"...the main purpose of criticism...is not to make its readers agree, nice as that is, but to make them, by whatever orthodox or unorthodox method, think." - John Simon

"The great enemy of clear language is insincerity." - George Orwell

Friday, March 23, 2012

Extreme Prejudice

Film director Walter Hill has had, at times, a frustratingly and wildly uneven career that features stone cold classics (The Warriors) alongside baffling misfires (Crossroads). His main stock and trade is old school tough guy action films and they don’t come anymore badass than the criminally underrated Extreme Prejudice (1987). Based on a story co-written by John Milius (Apocalypse Now) and starring Nick Nolte and Powers Boothe, it was Hill’s two-fisted homage to the films of Sam Peckinpah who he had worked for early on his career as the screenwriter for The Getaway (1972). Like many of Hill’s own action films, Extreme Prejudice is a modern western featuring two uncompromising men at odds with one another.

Six mysterious men show up in El Paso, Texas. Officially listed as dead by the United States government, they are part of an elite top-secret military unit led by the no-nonsense Paul Hackett (Michael Ironside), a D.E.A. agent. We soon meet Texas Ranger Jack Benteen (Nick Nolte), a lawman with the cojones to go into a crowded Mexican bar with a loaded rifle looking for a suspect only to coolly gun him down when the guy pulls a pistol. He teams up with local county sheriff Hank Pearson (Rip Torn), the man who taught him how to be a lawman. It turns out that the suspect was a “poor dirt farmer” running dope for Cash Bailey (Powers Boothe) in order to make ends meet. Cash is the local drug kingpin and a man so tough he lets a scorpion crawl along his hand before crushing it. He and Jack were best friends in high school but now they are on opposite sides of the law. Unbeknownst to Jack, Hackett and his men are intent on busting Cash as well.

Nick Nolte plays one of Hill’s trademark laconic men of action and of few words, like the enigmatic getaway driver in The Driver (1978), Swan in The Warriors (1979) and Tom Cody in Streets of Fire (1984). Jack and Cash are throwbacks to a bygone era. 100 years ago they’d have been gunslingers in the Wild West. Nolte has got the steely determination thing down cold and an innate understanding of Hill’s worldview, embodying it with ease. Like many of the director’s protagonists, Jack doesn’t like to talk about his feelings, not even to his long-suffering girlfriend (Maria Conchita Alonso). He’d rather do something than talk about it. It’s great to see him reunited with Hill after their initial collaboration on 48 Hrs. (1982). In an ideal world, they would be making all kinds of films together with Nolte the De Niro to Hill’s Scorsese, both bringing out the best in each other.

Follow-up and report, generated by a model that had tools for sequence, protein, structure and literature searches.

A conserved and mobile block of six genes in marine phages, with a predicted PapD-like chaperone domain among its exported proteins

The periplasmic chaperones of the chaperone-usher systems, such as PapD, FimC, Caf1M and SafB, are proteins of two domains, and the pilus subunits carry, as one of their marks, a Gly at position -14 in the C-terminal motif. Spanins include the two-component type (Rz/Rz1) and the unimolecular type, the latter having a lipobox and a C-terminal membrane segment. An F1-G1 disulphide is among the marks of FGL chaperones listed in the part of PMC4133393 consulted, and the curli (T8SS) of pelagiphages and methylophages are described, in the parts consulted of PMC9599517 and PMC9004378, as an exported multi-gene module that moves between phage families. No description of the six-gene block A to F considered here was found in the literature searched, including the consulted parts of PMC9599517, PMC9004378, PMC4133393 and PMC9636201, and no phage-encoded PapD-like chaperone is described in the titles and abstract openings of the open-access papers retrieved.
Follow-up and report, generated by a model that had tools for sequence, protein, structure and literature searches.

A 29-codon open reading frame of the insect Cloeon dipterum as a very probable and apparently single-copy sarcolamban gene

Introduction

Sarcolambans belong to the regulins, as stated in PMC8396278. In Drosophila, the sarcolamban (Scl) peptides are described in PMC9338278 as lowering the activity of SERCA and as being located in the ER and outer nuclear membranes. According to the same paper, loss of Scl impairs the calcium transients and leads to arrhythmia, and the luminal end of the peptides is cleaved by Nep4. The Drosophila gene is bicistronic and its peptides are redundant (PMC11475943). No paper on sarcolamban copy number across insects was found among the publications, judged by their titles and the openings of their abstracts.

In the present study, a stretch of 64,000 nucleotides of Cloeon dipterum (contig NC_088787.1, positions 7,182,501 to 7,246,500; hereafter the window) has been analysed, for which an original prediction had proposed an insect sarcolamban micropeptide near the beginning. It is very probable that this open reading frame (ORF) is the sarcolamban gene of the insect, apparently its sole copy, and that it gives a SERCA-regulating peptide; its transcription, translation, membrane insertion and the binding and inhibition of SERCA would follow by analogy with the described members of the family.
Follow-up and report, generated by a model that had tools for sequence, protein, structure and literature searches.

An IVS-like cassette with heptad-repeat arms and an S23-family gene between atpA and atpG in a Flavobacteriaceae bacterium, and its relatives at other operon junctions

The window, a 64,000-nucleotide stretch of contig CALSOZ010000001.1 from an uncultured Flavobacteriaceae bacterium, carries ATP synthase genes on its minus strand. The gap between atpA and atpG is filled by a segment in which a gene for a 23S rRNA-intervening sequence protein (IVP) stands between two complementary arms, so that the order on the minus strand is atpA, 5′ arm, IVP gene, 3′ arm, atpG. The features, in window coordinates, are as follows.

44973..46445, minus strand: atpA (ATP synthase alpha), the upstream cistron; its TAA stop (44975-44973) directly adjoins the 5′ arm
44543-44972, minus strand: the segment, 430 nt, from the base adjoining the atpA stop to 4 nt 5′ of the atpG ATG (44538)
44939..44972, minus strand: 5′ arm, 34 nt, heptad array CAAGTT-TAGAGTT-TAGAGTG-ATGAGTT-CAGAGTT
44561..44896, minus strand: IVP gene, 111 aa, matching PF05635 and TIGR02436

For the role of Jack, Hill wanted someone who was “representative of the tradition of the American West – taciturn, stoical, enduring,” and had Nolte watch a lot of films starring Gary Cooper, Randolph Scott and John Wayne. Nolte wanted to recapture “the demeanor of how those ‘40s characters carried themselves – how they dressed and carried their guns.” In order to play a credible Texas Ranger, the actor asked writer friend Peter Gent (North Dallas Forty) to recommend someone to act as a model for his character. Gent suggested real-life Ranger Joaquin Jackson. He and Nolte went over the screenplay and incorporated more of the type of language Rangers use and their relationship with other law enforcement agencies.

In a precursor to his grinning baddie in Tombstone (1993), Powers Boothe plays a genial antagonist in Extreme Prejudice while also sporting a dapper white suit. Cash sees the drug trade as simply giving the people what they want. Early on, Boothe has a nice scene with Nolte where their two characters meet and Jack warns Cash that if he crosses the border into the U.S. he will bust him and his operation. Unfazed and as cool as they come, Cash says to his old friend, “I got a feeling the next time we run into each other we’re gonna have a killing. Just a feeling.” Think of this scene as the pulpy precursor to the legendary diner scene in Heat (1995) between Robert De Niro and Al Pacino only with two legendary character actors instead. The message in both scenes is the same: the next time Cash and Jack meet, one of them is not going to survive the encounter. For any fan of these two actors, this scene (and their final one at the end of the film) is a lot of fun to watch as these forces of nature square off against each other with Cash being gregarious yet still threatening and Jack all stoic determination. With his portrayal, Boothe has said that he wanted Cash to be “multi-faceted, a fully-rounded human being.” I don’t know if he achieves that exactly, but Cash is certainly more than a mere stock villainous character.

The cast of Extreme Prejudice is populated with an embarrassment of character acting riches. William Forsythe (The Devil’s Rejects) plays a grinning good ol’ boy troublemaker; Michael Ironside (Scanners) is the all-business leader of a group of soldiers; Clancy Brown (Highlander) is one of his reliable henchmen; and Rip Torn plays Jack’s mentor who recognizes what Cash represents: “How it comes around. Right way’s the hardest. Wrong way’s the easiest. Rule of nature, like water seeks the path of least resistance so you get crooked rivers and crooked men.” Well said, sir!

Hill not only indulges in his Peckinpah admiration with some of the film’s themes but more explicitly in how he stages and edits the exciting action sequences complete with slow motion carnage that culminates in the climactic bloodbath between Jack, Hackett and his men and Cash and his private army that evokes the penultimate showdown in The Wild Bunch (1969). This is also evident Hill’s storytelling method as Extreme Prejudice is trimmed of any unnecessary narrative fat. Every scene services the story with refreshing efficiency by someone who knows how to tell a story and tell it well.